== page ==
The first option, which is recommended, will include people not only from a specific location, but people who express interest in that location. For example, people who google “hotels in San Francisco”. You see how this could help your business. But on the other hand, you might be spending additional dollars if Google somehow makes a mistake.
In this case you’re better of selecting the second option. This limits targeting to an actual physical location.
Don’t forget that locations are added to the campaign level. You can’t add them to ad groups. This means that if you want to target two different countries you can either add both of them to one campaign or create two same campaigns for those two locations.
Optimizing campaigns with locations
Now that we know how locations work and what types there are lets see how we can use that information to optimize our campaigns.
It’s important to understand that it’s not always works. Sometimes just adding your target country is fine. For example, in the smaller countries targeting options are limited. USA has zip code targeting and it works great but Poland doesn’t have it. And in Germany zip code targeting has a limited reach and won’t work either.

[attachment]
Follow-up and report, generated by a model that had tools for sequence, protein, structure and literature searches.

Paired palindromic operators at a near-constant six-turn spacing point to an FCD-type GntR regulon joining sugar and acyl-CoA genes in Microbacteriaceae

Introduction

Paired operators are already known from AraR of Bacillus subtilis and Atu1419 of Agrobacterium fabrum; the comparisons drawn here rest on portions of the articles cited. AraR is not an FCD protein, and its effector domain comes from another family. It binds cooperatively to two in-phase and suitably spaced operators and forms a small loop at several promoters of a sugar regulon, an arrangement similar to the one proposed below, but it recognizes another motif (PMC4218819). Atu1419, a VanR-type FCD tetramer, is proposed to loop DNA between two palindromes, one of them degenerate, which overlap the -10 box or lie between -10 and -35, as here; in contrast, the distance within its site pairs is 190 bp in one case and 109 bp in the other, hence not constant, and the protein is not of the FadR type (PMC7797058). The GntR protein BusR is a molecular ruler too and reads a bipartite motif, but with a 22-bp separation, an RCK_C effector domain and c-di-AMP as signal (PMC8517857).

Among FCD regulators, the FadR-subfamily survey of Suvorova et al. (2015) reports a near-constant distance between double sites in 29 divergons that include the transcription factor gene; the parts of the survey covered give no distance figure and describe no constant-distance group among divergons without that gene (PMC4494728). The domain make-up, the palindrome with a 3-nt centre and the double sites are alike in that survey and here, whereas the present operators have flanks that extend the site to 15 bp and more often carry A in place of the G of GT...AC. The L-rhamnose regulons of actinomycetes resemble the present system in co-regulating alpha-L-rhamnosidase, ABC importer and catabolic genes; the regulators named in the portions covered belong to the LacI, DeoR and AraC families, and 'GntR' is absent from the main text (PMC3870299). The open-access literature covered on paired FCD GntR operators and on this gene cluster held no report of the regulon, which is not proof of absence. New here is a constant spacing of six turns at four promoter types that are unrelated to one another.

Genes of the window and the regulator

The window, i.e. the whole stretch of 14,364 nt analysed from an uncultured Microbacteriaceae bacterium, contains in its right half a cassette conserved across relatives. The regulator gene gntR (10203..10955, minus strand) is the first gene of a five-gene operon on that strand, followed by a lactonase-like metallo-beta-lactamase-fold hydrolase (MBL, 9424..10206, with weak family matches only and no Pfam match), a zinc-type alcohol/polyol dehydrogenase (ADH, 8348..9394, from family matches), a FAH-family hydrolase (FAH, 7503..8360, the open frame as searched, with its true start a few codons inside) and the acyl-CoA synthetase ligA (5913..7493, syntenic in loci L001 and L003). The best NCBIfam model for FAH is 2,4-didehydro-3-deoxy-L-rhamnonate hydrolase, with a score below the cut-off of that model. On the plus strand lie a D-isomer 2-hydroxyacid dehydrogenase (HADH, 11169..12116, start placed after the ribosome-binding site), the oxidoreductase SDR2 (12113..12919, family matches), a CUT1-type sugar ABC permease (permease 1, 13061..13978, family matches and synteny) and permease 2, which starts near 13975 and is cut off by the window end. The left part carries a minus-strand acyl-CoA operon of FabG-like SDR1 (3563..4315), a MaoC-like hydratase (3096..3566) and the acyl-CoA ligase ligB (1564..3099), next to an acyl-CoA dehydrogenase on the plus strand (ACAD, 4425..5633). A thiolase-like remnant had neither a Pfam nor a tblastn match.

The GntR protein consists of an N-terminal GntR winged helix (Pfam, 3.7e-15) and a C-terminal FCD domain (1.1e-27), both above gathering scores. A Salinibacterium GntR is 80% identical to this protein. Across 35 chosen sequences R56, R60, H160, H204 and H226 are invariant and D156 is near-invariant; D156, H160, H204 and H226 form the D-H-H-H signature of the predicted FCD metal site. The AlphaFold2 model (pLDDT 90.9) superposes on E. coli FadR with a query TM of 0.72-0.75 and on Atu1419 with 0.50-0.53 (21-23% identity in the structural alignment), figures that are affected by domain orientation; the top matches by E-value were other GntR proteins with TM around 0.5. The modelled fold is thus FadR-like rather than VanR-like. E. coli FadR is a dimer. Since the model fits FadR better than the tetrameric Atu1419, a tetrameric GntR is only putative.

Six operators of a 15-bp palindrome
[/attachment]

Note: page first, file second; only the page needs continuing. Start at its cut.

Never use any features just for the sake of using it. Make sure you have a need (limit your audience, reduce cost etc.) or you have tested it and you see that it works.
Always use one location per campaign
Don’t put several locations under the same campaign as it is harder to optimize. You can add several locations, and sometimes it’s fine, for example, with niche keywords. You have control over the bid adjustment for each location, but that’s it. You can either increase or decrease bids. But that means you can’t control each individual keyword. So you loose a bit of control.
So if I take a country and input a percentage by which I want the bids to be increased. Google will just take all the keywords and increase the bids if the user is from that country.
The downside of this is when you go to your individual keywords and change the bids there, you have to remember that the adjusted bid is on the country level. See, it’s a bit confusing. And the more countries you have in one campaign the more complicated it becomes.
If you want to advertise in several countries you have to create a campaign for each of them. You can start with several locations in one campaign, just to see if there are locations that perform better. And separate those into different campaigns.